The Bavarian Data Protection Authority (DPA) has in the past month imposed a five digit fine on a Data Controller which failed to adequately specify the necessary security controls protecting personal data in a data processing contract with a Data Processor.
The DPA stated in the press release that the data processing contract at issue omitted compulsory data security measures which should have been included in order to protect the personal data. The statement noted that the contract between the two parties was not specific enough and merely repeated some of the relevant legislative provisions.
According to the German Federal Data Protection Act, Data Controllers must impose detailed data security measures on Data Processors in data processing contracts. The text of such a contract must specifically ensure that the Data Controller can examine whether or not the Data Processor has the capacity to adequately safeguard the personal data involved. The DPA states in the above press release that these measures must be unambiguous and that failure to comply may be punished by fines of up to €50,000.00.
The Data Protection Acts, 1988 and 2003 define a Data Controller as “a person who, either alone or with others, controls the contents and use of personal data” while defining a Data Processor as “a person who processes personal data on behalf of a data controller but does not include an employee of a data controller who processes such data in the course of his employment”.
This separate distinction is emphasised by the Office of the Data Protection Commissioner:
“Unlike data controllers, data processors have a very limited set of responsibilities under the Data Protection Act. They must only process personal data on the instructions of the Data Controller. These responsibilities concern the necessity to keep personal data secure from unauthorised access, disclosure, destruction or accidental loss. In addition all data processors, whose business consists wholly or partly in processing personal data on behalf of data controllers who are required to register, are also required to register with the Data Protection Commissioner as a data processor.”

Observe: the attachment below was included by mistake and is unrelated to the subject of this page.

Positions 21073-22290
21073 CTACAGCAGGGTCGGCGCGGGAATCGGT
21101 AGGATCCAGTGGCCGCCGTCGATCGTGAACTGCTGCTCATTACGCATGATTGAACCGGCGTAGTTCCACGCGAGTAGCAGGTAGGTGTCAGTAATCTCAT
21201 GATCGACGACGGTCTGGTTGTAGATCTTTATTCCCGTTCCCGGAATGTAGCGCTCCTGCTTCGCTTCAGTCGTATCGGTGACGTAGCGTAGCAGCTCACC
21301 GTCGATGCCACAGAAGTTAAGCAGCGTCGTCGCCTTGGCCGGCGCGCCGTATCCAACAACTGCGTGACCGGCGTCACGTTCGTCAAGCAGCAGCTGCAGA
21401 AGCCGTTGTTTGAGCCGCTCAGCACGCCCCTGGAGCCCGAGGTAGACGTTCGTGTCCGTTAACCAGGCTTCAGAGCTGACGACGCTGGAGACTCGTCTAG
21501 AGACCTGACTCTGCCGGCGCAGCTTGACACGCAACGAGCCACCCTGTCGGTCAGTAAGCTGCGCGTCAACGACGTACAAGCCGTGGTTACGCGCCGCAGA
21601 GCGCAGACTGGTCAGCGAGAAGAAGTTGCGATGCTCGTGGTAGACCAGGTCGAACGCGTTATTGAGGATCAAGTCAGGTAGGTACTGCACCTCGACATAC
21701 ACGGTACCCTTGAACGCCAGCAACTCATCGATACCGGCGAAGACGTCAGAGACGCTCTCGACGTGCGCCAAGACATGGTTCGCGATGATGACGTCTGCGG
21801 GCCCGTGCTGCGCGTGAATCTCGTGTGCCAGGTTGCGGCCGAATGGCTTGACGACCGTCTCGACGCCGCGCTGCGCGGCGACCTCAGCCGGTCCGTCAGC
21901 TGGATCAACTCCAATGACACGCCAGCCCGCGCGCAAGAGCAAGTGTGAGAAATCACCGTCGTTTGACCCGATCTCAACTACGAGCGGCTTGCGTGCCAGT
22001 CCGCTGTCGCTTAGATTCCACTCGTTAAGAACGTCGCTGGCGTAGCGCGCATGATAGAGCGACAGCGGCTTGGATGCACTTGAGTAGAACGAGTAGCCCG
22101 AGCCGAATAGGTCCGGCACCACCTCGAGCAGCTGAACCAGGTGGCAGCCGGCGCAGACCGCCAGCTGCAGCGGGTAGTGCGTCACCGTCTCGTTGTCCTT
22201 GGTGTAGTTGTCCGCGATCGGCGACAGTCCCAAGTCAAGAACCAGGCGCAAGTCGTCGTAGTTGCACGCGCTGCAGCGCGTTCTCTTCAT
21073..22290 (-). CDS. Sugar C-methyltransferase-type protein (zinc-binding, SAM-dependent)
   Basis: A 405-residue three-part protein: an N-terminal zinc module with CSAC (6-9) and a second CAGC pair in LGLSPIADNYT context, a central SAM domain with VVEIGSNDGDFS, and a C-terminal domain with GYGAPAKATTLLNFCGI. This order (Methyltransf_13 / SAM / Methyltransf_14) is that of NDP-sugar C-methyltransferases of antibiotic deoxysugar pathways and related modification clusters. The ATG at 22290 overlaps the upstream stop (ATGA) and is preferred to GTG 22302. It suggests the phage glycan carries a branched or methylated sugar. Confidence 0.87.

A certain benchmark has now been set by the DPA, and Data Controllers are well advised to take heed of the punitive measures which have been imposed in this instance. Specific security criteria must be employed when parties contract to share customer/client person data. Furthermore, principal responsibility when such a contract is formed rests ultimately with the Data Controller who is obliged to comply with particular rules regarding how they collect and store data.
These rules, and other relevant information for Data Controllers, can now be accessed via PrivacyEngine. If you have any specific questions then feel free to get in touch. We look forward to hearing from you.